Yes, of course, you have to, because most of them if I talk about the values in Berlin like, the respect, the great diversity, the freedom of expression of mind, the respect and how people fight for their rights to feeling better, to feel themselves, to have their own way to lead their life. When I explain this to the business owners, they are like seeing totally another world.

It’s beginning to perceive another possibility to build up a life, in the world.

And what they’re talking about for me is sometimes totally, it’s so far away. But I try all my best to drop off myself. To drop off all my values, my thinking, all my feelings as a Berliner. I try to perceive how they find their own way, how they perceive themselves in China.

And, actually, when they come here they are looking for something new. They are looking for some creative ideas. They are looking for another, something they don’t know.

And what I can bring them is to make all I see beauty in Berlin, in Germany, in a way they could understand.

But also I think the way to make them understand this, you have to understand them. So you have to drop yourself and talk to them without yourself. Just try to understand how difficult their surrounding is.

And so you accept them, and when they have the feeling that you understand them, you begin to accept what you are explaining to them.


So much empathy. It makes me want to ask about your first solo, and I know you’ve moved away because you do want to drop yourself and work with other people, but at that particular time you were living in China and exploring similar practice interviewing people but on the streets of China so can you explain where that project came from and what you think about that now.


I begin this interview, the practice of interview with my project, I Wish, China.


Can I clarify, I Wish China?


I Wish, China. That’s the name of the project. When I lived in China since I was just a little kid, I never feel, I never feel right, in my life. I always felt I was in a, I was in a wrong place.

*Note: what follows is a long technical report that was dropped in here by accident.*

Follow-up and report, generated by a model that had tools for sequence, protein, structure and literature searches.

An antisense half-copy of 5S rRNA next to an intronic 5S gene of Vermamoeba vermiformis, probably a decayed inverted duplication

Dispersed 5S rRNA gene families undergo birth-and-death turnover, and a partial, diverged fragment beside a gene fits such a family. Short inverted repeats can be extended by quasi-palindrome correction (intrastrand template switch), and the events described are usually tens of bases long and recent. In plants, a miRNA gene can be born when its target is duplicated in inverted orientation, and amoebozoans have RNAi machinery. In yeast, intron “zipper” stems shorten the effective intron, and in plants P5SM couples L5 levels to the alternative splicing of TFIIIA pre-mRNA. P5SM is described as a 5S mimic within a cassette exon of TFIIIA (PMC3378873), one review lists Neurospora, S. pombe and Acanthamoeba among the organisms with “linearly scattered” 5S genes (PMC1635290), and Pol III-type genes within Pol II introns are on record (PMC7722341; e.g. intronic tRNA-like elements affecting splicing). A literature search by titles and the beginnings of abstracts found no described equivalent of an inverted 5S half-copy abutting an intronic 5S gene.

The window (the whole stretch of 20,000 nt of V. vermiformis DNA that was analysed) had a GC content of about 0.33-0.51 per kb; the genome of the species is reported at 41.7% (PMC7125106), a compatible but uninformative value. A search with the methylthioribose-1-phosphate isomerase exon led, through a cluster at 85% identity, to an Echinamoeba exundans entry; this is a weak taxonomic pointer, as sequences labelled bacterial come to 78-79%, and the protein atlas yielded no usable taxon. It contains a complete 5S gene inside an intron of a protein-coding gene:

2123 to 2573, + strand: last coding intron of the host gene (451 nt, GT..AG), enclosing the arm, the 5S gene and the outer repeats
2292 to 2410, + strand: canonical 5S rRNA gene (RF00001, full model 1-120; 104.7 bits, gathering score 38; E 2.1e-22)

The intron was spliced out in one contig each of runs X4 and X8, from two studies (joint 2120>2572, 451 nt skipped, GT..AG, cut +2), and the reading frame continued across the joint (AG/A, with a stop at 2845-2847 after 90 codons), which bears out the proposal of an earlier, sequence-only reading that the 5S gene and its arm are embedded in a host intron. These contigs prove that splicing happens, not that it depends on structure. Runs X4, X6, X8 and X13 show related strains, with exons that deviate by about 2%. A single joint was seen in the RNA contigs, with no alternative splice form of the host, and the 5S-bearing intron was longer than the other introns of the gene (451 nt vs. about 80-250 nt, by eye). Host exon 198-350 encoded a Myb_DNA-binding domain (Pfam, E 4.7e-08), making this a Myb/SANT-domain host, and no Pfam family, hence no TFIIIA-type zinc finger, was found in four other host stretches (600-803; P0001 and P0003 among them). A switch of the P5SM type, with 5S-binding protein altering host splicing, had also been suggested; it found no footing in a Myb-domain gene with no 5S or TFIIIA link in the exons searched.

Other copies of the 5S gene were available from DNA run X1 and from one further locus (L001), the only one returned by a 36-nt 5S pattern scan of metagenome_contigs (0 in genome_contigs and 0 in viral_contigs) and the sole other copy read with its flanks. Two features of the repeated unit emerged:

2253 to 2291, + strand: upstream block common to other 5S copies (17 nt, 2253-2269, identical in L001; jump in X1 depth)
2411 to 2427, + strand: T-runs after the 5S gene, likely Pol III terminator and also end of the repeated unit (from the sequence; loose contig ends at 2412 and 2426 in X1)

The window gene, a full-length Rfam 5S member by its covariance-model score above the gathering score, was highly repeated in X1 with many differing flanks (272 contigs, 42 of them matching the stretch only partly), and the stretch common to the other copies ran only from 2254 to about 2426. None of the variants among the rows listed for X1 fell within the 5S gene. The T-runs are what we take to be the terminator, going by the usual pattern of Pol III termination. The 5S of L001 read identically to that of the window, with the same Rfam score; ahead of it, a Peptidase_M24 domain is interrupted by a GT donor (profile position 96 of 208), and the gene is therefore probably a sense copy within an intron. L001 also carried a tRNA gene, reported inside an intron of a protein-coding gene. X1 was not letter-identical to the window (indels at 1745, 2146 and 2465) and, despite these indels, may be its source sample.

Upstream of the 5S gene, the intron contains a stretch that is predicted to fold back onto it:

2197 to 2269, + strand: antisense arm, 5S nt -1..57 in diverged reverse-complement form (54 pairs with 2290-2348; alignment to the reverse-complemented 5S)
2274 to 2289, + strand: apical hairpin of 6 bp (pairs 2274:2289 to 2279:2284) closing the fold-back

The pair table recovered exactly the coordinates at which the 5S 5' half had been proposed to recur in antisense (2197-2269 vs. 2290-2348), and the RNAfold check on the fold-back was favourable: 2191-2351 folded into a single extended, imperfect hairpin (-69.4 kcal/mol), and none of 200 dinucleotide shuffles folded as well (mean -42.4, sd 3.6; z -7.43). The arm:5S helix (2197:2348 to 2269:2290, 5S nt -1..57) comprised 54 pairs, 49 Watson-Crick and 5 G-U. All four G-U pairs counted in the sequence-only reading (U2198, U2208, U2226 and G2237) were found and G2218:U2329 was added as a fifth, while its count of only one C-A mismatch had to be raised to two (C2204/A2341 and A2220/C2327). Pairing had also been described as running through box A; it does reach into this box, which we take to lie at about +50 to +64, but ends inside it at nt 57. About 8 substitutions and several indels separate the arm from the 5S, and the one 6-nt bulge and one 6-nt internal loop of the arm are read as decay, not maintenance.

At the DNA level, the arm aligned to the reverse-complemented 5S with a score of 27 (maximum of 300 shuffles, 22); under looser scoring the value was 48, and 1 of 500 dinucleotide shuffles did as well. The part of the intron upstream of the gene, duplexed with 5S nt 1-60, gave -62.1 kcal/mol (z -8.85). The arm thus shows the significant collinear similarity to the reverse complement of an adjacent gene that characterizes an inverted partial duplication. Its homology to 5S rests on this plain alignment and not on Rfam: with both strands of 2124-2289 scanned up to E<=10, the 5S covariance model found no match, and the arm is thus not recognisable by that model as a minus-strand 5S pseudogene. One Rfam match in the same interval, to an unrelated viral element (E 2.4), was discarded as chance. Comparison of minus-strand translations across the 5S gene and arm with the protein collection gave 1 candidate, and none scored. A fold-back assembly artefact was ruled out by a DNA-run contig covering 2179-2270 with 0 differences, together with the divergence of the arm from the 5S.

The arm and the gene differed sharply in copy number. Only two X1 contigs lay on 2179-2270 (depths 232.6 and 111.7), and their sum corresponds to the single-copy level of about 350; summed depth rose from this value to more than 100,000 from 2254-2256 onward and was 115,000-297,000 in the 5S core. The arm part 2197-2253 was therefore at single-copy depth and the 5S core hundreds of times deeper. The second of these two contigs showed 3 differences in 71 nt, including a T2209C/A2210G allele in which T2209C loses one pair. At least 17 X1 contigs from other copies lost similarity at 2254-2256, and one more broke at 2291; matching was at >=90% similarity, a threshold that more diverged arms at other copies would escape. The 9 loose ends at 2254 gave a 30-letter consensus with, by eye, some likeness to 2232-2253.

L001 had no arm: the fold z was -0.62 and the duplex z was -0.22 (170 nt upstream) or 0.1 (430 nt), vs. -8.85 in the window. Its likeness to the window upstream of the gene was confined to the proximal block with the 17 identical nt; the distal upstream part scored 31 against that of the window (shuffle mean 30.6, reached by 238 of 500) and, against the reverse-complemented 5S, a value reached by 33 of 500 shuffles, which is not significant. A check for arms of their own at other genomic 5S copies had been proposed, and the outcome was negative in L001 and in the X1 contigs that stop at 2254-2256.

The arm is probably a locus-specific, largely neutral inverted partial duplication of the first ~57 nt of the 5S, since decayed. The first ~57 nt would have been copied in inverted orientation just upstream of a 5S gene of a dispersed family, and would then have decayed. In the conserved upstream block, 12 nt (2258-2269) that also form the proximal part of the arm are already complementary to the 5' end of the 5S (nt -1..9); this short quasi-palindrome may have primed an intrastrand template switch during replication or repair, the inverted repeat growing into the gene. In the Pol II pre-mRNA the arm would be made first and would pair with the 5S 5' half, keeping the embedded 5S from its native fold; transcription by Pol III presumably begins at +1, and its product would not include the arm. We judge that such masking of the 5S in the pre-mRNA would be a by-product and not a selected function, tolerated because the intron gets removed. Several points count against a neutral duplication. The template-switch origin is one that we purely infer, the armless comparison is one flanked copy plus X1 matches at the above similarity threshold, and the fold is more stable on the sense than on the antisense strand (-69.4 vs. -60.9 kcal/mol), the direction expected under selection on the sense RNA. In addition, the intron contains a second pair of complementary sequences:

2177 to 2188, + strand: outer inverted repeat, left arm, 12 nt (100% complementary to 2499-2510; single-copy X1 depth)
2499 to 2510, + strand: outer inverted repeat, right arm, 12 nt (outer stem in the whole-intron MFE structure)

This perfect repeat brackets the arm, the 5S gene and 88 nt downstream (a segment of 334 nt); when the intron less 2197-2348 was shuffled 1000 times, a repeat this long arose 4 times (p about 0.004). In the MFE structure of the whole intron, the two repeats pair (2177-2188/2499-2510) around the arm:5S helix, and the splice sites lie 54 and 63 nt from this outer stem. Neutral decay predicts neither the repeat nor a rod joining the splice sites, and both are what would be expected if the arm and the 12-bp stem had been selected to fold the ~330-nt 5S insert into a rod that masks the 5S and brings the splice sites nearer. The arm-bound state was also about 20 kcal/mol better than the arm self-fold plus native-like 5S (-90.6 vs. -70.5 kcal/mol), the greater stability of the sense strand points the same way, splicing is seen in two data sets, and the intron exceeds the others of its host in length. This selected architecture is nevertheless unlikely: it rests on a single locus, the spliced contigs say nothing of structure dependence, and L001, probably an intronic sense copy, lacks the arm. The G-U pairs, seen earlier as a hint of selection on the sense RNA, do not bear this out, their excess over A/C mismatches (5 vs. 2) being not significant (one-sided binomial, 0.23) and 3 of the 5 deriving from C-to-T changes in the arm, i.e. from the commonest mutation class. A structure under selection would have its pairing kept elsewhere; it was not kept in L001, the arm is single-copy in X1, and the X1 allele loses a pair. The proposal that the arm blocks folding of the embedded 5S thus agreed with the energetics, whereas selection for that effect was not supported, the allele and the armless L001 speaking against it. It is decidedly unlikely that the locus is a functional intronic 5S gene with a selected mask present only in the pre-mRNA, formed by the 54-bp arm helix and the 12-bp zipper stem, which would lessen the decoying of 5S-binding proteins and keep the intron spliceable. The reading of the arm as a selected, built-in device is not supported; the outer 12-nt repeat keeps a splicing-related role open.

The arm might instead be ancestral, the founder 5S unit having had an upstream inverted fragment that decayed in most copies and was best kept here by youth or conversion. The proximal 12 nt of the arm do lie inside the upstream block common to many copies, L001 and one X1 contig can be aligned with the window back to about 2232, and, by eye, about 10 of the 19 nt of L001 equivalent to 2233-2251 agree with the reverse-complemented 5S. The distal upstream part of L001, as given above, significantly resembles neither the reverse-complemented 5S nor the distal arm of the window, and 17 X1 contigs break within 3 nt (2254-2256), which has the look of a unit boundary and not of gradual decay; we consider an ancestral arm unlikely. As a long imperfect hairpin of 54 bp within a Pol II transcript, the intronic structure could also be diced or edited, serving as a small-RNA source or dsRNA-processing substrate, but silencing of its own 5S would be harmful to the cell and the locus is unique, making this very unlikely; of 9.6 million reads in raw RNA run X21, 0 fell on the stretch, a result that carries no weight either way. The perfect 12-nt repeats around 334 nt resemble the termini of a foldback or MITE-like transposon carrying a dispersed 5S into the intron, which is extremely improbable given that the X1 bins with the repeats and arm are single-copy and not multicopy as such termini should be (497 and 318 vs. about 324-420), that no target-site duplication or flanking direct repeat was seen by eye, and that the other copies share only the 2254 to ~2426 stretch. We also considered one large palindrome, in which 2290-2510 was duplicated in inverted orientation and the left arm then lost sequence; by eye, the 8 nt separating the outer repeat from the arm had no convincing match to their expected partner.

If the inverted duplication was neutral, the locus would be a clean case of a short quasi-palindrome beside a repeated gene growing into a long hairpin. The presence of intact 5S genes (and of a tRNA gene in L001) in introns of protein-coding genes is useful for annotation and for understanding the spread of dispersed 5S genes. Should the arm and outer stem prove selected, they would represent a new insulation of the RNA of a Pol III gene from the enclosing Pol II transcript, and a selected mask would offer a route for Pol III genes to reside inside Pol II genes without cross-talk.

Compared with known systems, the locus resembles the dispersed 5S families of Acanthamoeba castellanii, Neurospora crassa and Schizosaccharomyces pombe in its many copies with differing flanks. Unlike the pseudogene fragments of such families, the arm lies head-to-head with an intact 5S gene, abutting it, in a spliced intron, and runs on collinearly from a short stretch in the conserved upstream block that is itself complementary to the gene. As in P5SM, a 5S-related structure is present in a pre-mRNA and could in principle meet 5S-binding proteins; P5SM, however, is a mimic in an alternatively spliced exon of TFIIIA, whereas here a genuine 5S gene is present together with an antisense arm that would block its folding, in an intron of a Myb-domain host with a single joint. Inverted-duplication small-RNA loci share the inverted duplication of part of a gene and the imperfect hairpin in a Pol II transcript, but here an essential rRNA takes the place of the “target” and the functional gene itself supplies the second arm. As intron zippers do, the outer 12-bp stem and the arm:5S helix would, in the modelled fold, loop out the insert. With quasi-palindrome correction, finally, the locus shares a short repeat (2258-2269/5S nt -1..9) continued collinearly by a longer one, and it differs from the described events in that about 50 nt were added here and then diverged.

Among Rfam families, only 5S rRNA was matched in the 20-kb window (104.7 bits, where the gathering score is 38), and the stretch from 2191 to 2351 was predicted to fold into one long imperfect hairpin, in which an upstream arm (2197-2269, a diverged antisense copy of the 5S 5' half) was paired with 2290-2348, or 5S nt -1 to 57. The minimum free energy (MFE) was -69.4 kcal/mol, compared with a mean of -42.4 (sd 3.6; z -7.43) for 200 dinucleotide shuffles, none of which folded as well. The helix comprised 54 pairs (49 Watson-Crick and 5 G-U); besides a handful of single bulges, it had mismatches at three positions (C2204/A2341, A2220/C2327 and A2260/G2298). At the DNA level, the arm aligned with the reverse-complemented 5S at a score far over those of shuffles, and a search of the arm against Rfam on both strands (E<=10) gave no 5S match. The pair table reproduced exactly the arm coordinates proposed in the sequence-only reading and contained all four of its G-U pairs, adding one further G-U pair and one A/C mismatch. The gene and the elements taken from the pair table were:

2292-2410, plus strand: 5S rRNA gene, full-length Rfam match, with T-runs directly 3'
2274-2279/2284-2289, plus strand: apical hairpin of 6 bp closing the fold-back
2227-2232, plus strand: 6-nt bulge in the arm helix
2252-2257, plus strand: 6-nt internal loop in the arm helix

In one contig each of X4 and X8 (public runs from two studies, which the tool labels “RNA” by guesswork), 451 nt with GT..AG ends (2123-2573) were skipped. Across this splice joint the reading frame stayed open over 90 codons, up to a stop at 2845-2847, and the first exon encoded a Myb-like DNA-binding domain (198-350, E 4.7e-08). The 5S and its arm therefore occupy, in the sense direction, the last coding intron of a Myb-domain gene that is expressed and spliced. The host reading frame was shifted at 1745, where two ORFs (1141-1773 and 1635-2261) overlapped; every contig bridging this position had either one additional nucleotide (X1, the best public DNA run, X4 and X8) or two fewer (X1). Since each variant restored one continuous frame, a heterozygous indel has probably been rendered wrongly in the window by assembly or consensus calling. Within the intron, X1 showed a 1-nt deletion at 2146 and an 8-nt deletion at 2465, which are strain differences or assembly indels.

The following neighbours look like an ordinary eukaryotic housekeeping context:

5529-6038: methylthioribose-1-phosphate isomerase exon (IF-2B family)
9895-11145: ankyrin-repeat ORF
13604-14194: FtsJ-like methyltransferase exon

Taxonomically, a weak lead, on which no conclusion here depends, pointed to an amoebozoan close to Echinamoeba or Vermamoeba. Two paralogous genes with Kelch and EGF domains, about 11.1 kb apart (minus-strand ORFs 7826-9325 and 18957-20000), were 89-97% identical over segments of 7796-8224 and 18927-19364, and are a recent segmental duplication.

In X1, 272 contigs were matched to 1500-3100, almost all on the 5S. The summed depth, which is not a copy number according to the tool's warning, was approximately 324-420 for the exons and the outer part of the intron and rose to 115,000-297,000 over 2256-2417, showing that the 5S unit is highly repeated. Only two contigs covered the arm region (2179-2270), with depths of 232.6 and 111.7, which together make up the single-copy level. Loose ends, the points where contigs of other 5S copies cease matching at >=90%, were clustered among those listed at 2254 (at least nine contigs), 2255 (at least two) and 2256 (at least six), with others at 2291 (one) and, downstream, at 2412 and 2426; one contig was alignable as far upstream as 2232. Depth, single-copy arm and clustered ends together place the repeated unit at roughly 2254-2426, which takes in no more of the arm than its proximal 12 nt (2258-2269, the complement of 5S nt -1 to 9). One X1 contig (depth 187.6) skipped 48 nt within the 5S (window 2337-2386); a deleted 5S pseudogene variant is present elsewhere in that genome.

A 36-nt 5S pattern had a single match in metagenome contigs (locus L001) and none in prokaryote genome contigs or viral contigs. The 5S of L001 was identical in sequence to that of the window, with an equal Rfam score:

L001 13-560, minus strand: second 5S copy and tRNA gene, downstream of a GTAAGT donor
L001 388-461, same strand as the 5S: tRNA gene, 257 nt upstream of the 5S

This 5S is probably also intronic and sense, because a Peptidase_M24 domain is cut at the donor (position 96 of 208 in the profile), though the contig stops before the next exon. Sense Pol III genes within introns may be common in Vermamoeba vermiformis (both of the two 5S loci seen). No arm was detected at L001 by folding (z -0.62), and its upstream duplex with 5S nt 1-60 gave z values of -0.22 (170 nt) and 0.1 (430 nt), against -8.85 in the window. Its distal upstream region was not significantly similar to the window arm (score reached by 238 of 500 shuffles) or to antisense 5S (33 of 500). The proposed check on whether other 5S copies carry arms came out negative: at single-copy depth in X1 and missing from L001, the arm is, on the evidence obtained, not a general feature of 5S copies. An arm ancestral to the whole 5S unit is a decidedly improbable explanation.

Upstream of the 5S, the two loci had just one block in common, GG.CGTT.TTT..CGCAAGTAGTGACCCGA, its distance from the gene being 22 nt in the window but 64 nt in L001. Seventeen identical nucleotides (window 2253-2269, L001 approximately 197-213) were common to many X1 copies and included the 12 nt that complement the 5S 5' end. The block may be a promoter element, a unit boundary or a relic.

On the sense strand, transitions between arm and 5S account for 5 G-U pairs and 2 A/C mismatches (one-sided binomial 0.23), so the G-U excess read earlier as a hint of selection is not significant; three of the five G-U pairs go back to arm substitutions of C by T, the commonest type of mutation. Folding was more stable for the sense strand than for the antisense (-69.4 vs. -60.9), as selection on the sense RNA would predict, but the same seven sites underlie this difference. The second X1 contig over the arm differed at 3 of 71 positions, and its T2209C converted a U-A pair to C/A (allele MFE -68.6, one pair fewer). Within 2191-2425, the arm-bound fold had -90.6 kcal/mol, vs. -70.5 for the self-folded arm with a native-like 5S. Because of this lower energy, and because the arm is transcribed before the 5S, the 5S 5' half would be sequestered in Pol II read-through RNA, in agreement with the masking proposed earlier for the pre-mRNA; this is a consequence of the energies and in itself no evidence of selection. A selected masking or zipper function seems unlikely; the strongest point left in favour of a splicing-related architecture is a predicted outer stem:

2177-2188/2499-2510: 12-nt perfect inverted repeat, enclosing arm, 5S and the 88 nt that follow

But what I could see, really limited, for me there could be two possibilities. One is, okay, this is how the whole world was. I was the wrong person came to the world.

And the other possibility is I am just in the wrong place. Probably outside of the place I could perceive there would be something totally different. But I didn’t know what it would be. So that’s why, at the end, I moved out of China.

And right now I feel at home in Berlin. But for me, it was a long term to understand Democracy. Freedom. It was just a word in China. But since I moved to Berlin it turned out to be a feeling, a perception, it’s not about the terms in the law or how this society works, it’s more about how this democracy influences the individuals, their behavior. How they feel. How they think. That’s a lot. It’s a long way to perceive it.

And I know a lot of Chinese, they have critiques. For example, like Ai Wei Wei. He is a well-known Chinese artist in Europe. Also in the US. Made a lot of critiques. Also other Chinese writers, artists.

But for me it’s not, it’s not the whole point. You can say how bad it is, and I understand how bad it is. But I don’t see anything could be better [if] you just talk about how bad it is.

I want to know if you say it is bad, but what could be good.

And I also know if I’m just thinking about what could be good it makes no sense. The points not about what I think about. If more people in China they think about this.

The answer, not the point, the answer is more people begin to think about it, begin to step over the face only just feeling negative and throw their critiques on it, but really think about what you, what do you want. What would you like to have? What would you to work for to make this land [country] better?

So I begin this project to interview people in China. What’s your wish for China?

And I learned a lot through this project because of course, I collected so many interesting wishes. But more interesting is I learned how to talk to people.